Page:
Published online by Cambridge University Press: 18 December 2021
As a veteran of ACT UP—the AIDS Coalition to Unleash Power—Matt Sharp has long been fighting inequality in science and medicine. While Jay Johnson was working toward the same goals—carefully, quietly, behind the scenes—Sharp was out in the streets. Sharp was among those arrested at the National Institutes of Health in May 1990 during an unruly protest with rainbow-colored smoke bombs and signs with powerful messages: “Clinical Trials Now,” “Silence = Death,” “Red Tape Kills Us,” and “One AIDS Death Every 12 Minutes.” When he signed up to join a genetic engineering experiment in June 2010, he did not know that he would soon be reliving battles from decades ago. after Sangamo Therapeutics altered his DNA, Sharp became entangled in a high-stakes struggle over the future of gene editing.
The pitch to join the experiment came one day over lunch in San Francisco, from Jay Lalezari, a trusted doctor who had become a friend. Gene editing was very risky, and only a single safety study had been conducted in humans—the trial at Penn Medicine in Philadelphia. Lalezari explained that the risks probably did not outweigh the benefits. Sharp, a white guy who was fifty-three at the time, had already put his body on the line for more than twelve clinical trials. “They gave me this opportunity,” he said. “ ‘Do you want to be the first person in this safety trial?’ I said nooooo. But I said that I’d be number two. This is a true story. I knew my number, 102.” (The first patient in the trial, number 101, did not wish to discuss the experiment. His medical record is protected by patient privacy laws.)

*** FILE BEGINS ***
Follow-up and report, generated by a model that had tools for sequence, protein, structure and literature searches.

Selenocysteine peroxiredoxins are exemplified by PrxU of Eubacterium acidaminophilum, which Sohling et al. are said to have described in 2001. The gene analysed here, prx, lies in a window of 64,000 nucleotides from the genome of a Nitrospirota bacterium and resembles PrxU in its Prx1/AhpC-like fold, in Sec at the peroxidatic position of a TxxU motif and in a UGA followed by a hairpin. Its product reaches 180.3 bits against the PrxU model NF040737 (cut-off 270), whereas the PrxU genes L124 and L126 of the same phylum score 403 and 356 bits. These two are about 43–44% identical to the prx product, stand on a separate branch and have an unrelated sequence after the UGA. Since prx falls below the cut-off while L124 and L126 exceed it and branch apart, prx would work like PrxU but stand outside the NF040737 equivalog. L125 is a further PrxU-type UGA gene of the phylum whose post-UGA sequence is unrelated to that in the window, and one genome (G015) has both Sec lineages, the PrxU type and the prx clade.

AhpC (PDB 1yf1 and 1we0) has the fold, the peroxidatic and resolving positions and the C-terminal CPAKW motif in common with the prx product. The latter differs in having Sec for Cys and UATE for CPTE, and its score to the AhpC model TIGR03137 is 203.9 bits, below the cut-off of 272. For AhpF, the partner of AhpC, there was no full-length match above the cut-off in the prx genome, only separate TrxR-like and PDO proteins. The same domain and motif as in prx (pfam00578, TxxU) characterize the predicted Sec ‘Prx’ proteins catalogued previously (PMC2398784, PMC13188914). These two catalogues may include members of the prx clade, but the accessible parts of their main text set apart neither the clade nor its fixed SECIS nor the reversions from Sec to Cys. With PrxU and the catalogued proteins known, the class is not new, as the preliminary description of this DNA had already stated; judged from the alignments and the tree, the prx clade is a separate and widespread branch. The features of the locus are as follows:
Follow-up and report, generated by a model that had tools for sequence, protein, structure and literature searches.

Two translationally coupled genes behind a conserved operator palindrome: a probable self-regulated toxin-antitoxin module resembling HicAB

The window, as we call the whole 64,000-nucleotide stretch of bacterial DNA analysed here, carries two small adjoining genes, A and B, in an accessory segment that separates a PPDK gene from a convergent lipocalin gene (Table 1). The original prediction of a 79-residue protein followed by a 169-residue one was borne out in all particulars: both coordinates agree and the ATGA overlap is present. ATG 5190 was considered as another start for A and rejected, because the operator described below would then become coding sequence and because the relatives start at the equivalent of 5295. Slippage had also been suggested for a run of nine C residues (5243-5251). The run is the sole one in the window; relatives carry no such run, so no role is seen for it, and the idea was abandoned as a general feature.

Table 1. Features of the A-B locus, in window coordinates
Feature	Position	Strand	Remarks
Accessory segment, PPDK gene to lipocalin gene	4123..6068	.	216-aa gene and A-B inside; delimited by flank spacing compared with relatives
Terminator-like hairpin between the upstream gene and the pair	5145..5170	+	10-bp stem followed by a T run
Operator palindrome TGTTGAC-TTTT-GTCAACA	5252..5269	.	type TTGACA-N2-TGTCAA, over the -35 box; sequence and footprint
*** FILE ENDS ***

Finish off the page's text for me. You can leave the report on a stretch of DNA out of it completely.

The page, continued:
Before the study officially began, Sharp made repeated visits to Lalezari's clinic—Quest Clinical Research—so they could monitor his baseline health and collect his signature on reams of paperwork. During the informed consent process, a step required by US law for every human experiment, Quest staffdiscussed the medical and social risks with Sharp. If he agreed to have his DNA altered, he risked living with social stigma.